Leadership and Management


Managers: responsible for setting objectives and planning, allocating resources, motivating employees so that organizational aims are met.

Functions of the management:

Mintzberg’s management roles

Interpersonal: figurehead, liaison, leader

Informational: receiver, disseminer, spokesperson

Decisional: resource allocator, negotiator, disturbance handler, entrepreneur

Differences: Leadership and management

Leadership: art of motivating a group of people towards achieving a common objectives



Motivates and inspires others

Directing and monitoring 

Creates, developed a culture of change

Fits into the norms of the organization

Respected by followers due to admiration 

Respected due to authority, position

Stems from personal traits

Official position in a company

Believes in doing the right thing

Believes in doing the thing right

Natural abilities and instincts

Qualified to perform in the role


Trait theory on leadership:


Leadership styles






Autocratic:  leadership style that keeps all decision-making at the center of the organization

  • Leader takes all decisions
  • Gives little information to staff about business
  • One way communication
  • Supervises workers closely
  • Demotivates staff 
  • Decisions do not benefit from employee input
  • Police/defense  forces
  • In times of crisis

Paternalistic: fatherly style used by dominant males where their power is used to control and protect subordinate employees who are expected to be loyal and obedient

  • ‘father-like’ figure takes decisions but in interests of Employees

  • feedback and consultation encouraged, but not participative decision-making
  • Low staff motivation if loyal connection to leader not established

  •  Increasing dependency of employees on the leader, more supervision required

  • Employee dissatisfaction if bad decisions are made
  • Family-owned businesses

  • In a business where creative thinking is not required of employees


promotes the active participation of workers in taking decisions

  • Feedback given/allowed
  • 2 way communication
  • Information about business is conveyed to employees
  • Participation encouraged
  • Discussions are time consuming
  • Quick decision making required occasionally
  • Level of involvement: job losses, new products developments are a secret  
  • businesses that expect workers to contribute fully to the production and decision-making processes, satisfying their higher order needs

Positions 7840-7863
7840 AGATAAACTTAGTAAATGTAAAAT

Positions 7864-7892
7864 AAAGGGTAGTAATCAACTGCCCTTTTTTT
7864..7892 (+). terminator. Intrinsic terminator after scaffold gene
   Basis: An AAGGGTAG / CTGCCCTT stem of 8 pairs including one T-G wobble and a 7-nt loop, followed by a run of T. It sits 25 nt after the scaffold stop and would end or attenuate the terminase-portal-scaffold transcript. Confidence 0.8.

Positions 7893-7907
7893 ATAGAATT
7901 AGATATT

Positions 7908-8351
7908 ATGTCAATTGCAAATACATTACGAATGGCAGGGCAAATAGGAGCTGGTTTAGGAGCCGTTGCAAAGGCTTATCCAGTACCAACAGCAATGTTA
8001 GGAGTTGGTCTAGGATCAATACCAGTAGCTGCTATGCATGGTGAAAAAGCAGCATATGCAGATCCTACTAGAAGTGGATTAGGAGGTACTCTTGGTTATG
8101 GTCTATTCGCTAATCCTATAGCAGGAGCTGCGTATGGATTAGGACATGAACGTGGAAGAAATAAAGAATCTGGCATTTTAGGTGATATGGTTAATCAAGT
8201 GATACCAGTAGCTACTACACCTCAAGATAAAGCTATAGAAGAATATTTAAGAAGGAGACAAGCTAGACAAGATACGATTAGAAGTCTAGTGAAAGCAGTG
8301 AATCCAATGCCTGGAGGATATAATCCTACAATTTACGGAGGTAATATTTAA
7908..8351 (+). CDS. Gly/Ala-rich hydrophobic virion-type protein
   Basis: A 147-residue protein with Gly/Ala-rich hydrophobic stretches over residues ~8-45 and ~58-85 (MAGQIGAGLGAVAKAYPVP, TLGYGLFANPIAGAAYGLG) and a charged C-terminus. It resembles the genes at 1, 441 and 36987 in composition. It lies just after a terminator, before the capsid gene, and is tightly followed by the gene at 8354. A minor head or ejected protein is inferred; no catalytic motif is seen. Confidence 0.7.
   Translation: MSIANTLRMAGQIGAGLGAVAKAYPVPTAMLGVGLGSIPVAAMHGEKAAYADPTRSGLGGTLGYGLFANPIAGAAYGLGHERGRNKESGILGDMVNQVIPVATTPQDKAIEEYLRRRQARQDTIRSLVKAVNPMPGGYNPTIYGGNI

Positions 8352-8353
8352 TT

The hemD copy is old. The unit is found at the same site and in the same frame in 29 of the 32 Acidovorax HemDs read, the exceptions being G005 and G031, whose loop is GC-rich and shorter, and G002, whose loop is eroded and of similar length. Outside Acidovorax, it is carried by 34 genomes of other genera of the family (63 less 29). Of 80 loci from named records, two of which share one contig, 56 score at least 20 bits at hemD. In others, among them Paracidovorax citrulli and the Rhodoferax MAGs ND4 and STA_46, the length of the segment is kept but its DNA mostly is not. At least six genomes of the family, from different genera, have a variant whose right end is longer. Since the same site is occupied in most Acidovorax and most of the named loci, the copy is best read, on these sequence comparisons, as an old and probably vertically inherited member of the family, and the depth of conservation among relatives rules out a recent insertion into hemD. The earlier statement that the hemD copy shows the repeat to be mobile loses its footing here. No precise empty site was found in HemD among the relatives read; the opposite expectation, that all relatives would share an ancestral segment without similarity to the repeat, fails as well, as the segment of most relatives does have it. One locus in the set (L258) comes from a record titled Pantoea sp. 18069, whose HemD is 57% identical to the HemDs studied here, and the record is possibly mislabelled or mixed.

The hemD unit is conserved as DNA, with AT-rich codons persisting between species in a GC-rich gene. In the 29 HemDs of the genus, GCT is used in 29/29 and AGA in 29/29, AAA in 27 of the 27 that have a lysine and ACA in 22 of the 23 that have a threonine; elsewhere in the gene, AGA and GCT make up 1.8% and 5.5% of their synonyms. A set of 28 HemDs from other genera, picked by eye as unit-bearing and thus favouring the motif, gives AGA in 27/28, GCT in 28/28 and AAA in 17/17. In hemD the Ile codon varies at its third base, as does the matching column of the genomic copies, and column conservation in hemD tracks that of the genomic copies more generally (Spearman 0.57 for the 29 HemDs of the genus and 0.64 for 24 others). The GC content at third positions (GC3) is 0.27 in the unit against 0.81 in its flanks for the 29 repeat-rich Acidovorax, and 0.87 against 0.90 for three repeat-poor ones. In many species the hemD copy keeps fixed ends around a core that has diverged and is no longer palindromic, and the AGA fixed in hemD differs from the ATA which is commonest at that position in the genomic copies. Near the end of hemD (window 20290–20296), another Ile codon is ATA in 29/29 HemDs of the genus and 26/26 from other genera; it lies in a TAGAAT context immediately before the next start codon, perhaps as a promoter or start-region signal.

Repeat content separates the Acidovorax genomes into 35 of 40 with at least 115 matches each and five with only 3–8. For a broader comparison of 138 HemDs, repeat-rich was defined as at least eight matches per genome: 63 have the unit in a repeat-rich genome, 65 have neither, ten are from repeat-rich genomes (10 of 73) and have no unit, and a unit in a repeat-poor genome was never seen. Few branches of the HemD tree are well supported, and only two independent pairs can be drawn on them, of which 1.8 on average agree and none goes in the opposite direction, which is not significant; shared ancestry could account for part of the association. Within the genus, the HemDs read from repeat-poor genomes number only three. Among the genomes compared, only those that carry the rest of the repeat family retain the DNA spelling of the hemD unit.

• An experienced & flexible workforce will benefit from this style
  • In situations that demand a new way of thinking/solution

Laissez-faire leadership: leaves much of the business decision-making to the workforce (reverse of the autocratic style)

  • Managers delegate virtually all authority/decision-making powers
  • broad criteria/limits established for the staff to work within
  • Workers may feel loss of security due to the lack of structure and direction in their work


  • Lack of feedback – as managers will not be closely monitoring progress – may be demotivating
  • managers are too busy/lazy to intervene
  • Research institutions 

Situational leadership: 

effective leadership varies with the task in hand and situational leaders adapt their leadership style to each situation

  • Style depends on the nature of the task and the work group’s skills and willingness to accept responsibility
  • Varying the style of leadership may be difficult for some workers to accept and they may become uncertain of how they will be led in different situations
  • By allowing flexibility of leadership style, different leadership approaches can be used in different situations and with different groups of people

Factors that affect leadership style:


Ethical leadership: leading by knowing and doing what is “right”; paternalistic, democratic rather than autocratic

Qualities of ethical leader: 

Cultural considerations and leadership


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